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A must-love cast elevates ‘Must Love Dogs’

Howie Nave
John Cusack and Diane Lane star in "Must Love Dogs."
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Most anything starring John Cusack is worth a look-see. Maybe it’s because those offbeat characters he plays, or that droll delivery that only he can provide, make us want to see what he will do next.

Throw in a supporting cast that includes sultry veterans Diane Lane and Stockard Channing, and you have an even more pleasurable viewing experience. A movie with a cast that also includes Elizabeth Perkins, Dermot Mulroney and Christopher Plummer means that, even with a so-so script, you know they can pull off an exceptional performance.

Several movies have already covered the subject matter of Internet dating (“You’ve Got Mail,” “Perfect Man”) and the pitfalls that come with communicating over such a medium. In this case, “Must Love Dogs” has several plotlines paralleling one another, which opens up the characters’ situations between their individual stories and those of the other characters whom they interact with.

Directed and written by David Goldberg (from a book authored by Claire Cook), “Must Love Dogs” benefits from Goldberg’s past experience writing for such TV classics as “MASH” and “Lou Grant.” He knows how to write for characters, but can he direct? He can.

Starring Cusack as hopeless romantic (could he be anything but?) Jake, he bungles just about everything upon his first encounter with Sarah (Lane), a divorced teacher whose family apparently can’t stay out of her life, especially when it comes to matters of the heart. Oh, sure, she has opportunities (single fathers out there, as she is a teacher of the younger set), but like many women who have complained about dating here in Lake Tahoe, sometimes you have to bring the masses to the mountain.

What I find very amusing about this movie (and other Internet dating movies) is that it’s usually a family member who sets up the unwilling participant to find a soul mate via the Internet. Does this mean that all those profiles I am reading are not, in fact, the person whose pic appears on the ad? Oh, no. The situations that arise around her misplaced ad are pretty hysterical. One can read whatever one wants into these ads, and even though they ask for certain requirements such as “body type,” let’s just say that whatever one thinks their body type is like, the person meeting you for the first time might have a different definition altogether. You would think that when your very own sister (in this case Carol, played by Elizabeth Perkins) is placing the personal ad, at the very least she would know what her body type is, right? Perkins’ character was a little annoying, and there were moments I wanted her to take a Valium (OK, a Prozac) so I could enjoy the rest of the picture without her interference.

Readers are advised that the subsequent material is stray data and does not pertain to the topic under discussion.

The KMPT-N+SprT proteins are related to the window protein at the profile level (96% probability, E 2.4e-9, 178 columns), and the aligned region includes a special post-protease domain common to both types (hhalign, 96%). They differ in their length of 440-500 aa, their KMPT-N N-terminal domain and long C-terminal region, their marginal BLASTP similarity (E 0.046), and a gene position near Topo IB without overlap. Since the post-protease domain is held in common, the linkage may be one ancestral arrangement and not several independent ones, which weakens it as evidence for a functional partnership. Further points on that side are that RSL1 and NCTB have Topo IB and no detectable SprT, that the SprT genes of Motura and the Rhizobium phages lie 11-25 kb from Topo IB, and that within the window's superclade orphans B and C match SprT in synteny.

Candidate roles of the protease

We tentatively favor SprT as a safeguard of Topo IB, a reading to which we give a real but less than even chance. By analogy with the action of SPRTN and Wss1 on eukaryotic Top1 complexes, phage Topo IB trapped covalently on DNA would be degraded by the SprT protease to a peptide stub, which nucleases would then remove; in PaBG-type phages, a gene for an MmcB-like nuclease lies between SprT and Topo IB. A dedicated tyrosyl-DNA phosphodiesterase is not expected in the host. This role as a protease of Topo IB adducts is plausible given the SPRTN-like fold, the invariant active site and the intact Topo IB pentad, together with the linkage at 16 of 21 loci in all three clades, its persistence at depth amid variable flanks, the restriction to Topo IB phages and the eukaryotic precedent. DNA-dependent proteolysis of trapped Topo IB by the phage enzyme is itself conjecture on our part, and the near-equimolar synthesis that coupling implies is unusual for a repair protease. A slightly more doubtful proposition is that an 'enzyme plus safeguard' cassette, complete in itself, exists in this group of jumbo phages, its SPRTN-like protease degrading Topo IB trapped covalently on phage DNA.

The message around the movie is apparent (but light at least, as this is a comedy), and the film is also a commentary on the changing and alternative means by which one tries to hook up with someone of similar interests nowadays. It’s also refreshing to see the Internet dating scene with grown-ups, as opposed to teens who were raised on the Internet dating scene, whereas older folks who have long given up on the bar scene are willing to try this new mode of communication to see if somebody out there is their match. I mean, who would ever have thought that one of the requirements would have been a dating-radius preference? “I like you, but you’re five miles farther away than what I had requested. Next!”

Prospects can be very specific or vague. In this case, Carol believes her sister to be voluptuous, and of course, must love dogs. On top of that there’s their father, Bill, played by Christopher Plummer, giving one of his funniest performances ever, and with an Irish accent, no less. He, too, is into the dating-online trip, and some of his prospects hit close to home.

Also up to the task of being poignant and humorous is Stockard Channing. In short, it’s nice to see a film with adult themes that are not in need of any special effects to hold one’s interest. Stories that most can relate to in some form or another are usually the ones that pique my interest early.

Parts of the movie seemed a little too well designed for its own good, borrowing from other movies for its supporting cast. I mean, every single woman out there must have at least one gay friend she can confide in, right? Visions of “My Best Friend’s Wedding” popped into mind – single women hoping to find love, seeking advice from the closest thing to having a girlfriend. Other than that, log on and enjoy a very entertaining movie until you get booted off.

– Howie Nave is the host/emcee/manager of The Improv at Harveys Tuesday through Sunday nights. You can hear him on seven radio stations every Friday morning reviewing movies in northern California and Nevada, including KRLT in Lake Tahoe and KOZZ out of Reno. Watch him every Saturday and Sunday on Tahoe’s KMTN TV doing movie and video reviews.

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